When a business has grown to capacity within its home nation, it could be time to look into a new international market for that next stage of progression. Global expansion is a great way for companies to diversify and broaden their business model, venture into new and emerging markets, and explore the possibilities of international talent pools.
What is international market expansion?
International expansion, in the simplest of terms, is the transition from a local business to a global company through an expansion strategy that enters a new country and market. Not only does this involve seeking new business opportunities abroad, but it also includes the operational growth of the business itself — whether it’s establishing new offices in the target country, finding a local partner or recruiting local talent.
It’s important to approach global growth with a strategic mindset to be successful. Factors to consider include the reasons for expansion, what target countries to expand into, and how to go about achieving a successful expansion that remains compliant with local laws.
- Increase revenue
When domestic market expansion has reached its peak, the only logical next step is to look overseas. Global expansion opens up new revenue streams and excellent opportunities to maintain consistent growth.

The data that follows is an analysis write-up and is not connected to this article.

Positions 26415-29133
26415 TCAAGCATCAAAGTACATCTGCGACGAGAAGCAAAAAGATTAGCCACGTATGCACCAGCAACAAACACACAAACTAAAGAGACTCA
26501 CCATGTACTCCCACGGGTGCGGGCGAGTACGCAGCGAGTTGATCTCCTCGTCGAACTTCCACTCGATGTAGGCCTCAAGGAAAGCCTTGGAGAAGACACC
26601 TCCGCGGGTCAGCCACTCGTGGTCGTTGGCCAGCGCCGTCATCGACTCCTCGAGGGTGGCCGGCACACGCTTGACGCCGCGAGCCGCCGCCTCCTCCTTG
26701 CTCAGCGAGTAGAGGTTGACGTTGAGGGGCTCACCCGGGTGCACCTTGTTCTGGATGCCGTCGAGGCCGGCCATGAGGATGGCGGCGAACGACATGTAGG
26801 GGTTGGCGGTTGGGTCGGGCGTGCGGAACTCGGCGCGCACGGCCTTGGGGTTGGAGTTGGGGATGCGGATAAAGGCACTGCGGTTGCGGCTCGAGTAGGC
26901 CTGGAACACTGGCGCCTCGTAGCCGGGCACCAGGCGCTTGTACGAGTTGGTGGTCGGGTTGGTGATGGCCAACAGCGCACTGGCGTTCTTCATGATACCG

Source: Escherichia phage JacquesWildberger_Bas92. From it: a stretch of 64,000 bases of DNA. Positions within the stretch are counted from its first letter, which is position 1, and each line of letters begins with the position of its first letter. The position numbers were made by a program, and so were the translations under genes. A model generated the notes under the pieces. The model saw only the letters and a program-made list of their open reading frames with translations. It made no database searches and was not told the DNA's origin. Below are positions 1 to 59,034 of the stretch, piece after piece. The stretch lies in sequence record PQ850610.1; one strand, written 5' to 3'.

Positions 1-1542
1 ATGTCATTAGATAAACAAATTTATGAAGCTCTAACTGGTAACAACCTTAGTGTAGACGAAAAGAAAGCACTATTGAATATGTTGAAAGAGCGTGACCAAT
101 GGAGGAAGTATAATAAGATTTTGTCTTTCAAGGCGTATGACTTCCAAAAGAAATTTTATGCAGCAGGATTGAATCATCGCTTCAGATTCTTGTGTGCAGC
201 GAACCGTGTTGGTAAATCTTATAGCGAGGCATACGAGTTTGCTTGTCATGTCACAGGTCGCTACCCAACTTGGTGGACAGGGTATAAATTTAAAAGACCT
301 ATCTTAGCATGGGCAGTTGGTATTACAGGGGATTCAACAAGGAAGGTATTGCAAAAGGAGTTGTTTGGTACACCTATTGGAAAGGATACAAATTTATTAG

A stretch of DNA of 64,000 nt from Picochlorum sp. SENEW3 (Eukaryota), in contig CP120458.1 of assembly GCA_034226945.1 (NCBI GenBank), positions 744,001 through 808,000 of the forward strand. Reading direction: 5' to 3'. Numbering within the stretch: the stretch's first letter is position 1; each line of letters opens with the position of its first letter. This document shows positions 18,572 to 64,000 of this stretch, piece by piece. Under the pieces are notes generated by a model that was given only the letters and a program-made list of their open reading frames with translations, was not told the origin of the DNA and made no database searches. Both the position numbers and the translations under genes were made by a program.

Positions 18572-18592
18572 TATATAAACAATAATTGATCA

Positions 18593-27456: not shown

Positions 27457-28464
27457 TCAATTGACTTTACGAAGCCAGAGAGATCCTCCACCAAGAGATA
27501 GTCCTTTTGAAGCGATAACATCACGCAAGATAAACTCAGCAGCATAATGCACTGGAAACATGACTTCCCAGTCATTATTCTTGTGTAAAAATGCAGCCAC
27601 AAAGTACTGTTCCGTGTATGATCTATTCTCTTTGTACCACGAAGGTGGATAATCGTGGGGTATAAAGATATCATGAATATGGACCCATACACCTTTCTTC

- Enter new markets
International growth allows businesses to find new markets and opportunities. This is especially true for companies operating in a saturated local market, where their services or products may have more room to develop and dominate in an alternative location.
- Find more top talent
Hiring international talent has many advantages, including language skills and varied educational backgrounds. International expansion also allows companies to employ local talent who have the expertise to communicate and serve clients in their local market.
- Expand your customer base and offering
With a much broader customer base, you can generate more business and increase sales. Furthermore, a new customer base in a new country opens up opportunities to invest and introduce new products and services in a location where it won’t impact core local revenue.
- Cost Savings
Operational costs in different and emerging markets can be much more affordable. Whether it’s manufacturing, procurement, distribution, or talent acquisition, global growth has the potential to make significant reductions to overheads.
Whatever your reason for exploring international expansion, and whichever country you’re looking into, an expansion strategy needs to be developed to successfully and compliantly enter that country. But what expansion methods are there?
Reasons for international expansion
There are many reasons an organization might be considering international expansion as the next step to growth. Here are five of the most common:
Methods of international expansion
There are many international expansion strategies to choose from when pursuing growth into foreign territories, each with benefits, pitfalls and considerations. Some countries have unique and sometimes difficult legislation in place to protect their markets, while others are very open in an effort to attract development. Understanding the different types of international expansion strategies will help determine what approach to take to ensure the greatest likelihood of success for your business.
Here are three of the most common strategies to consider, including their pros and cons: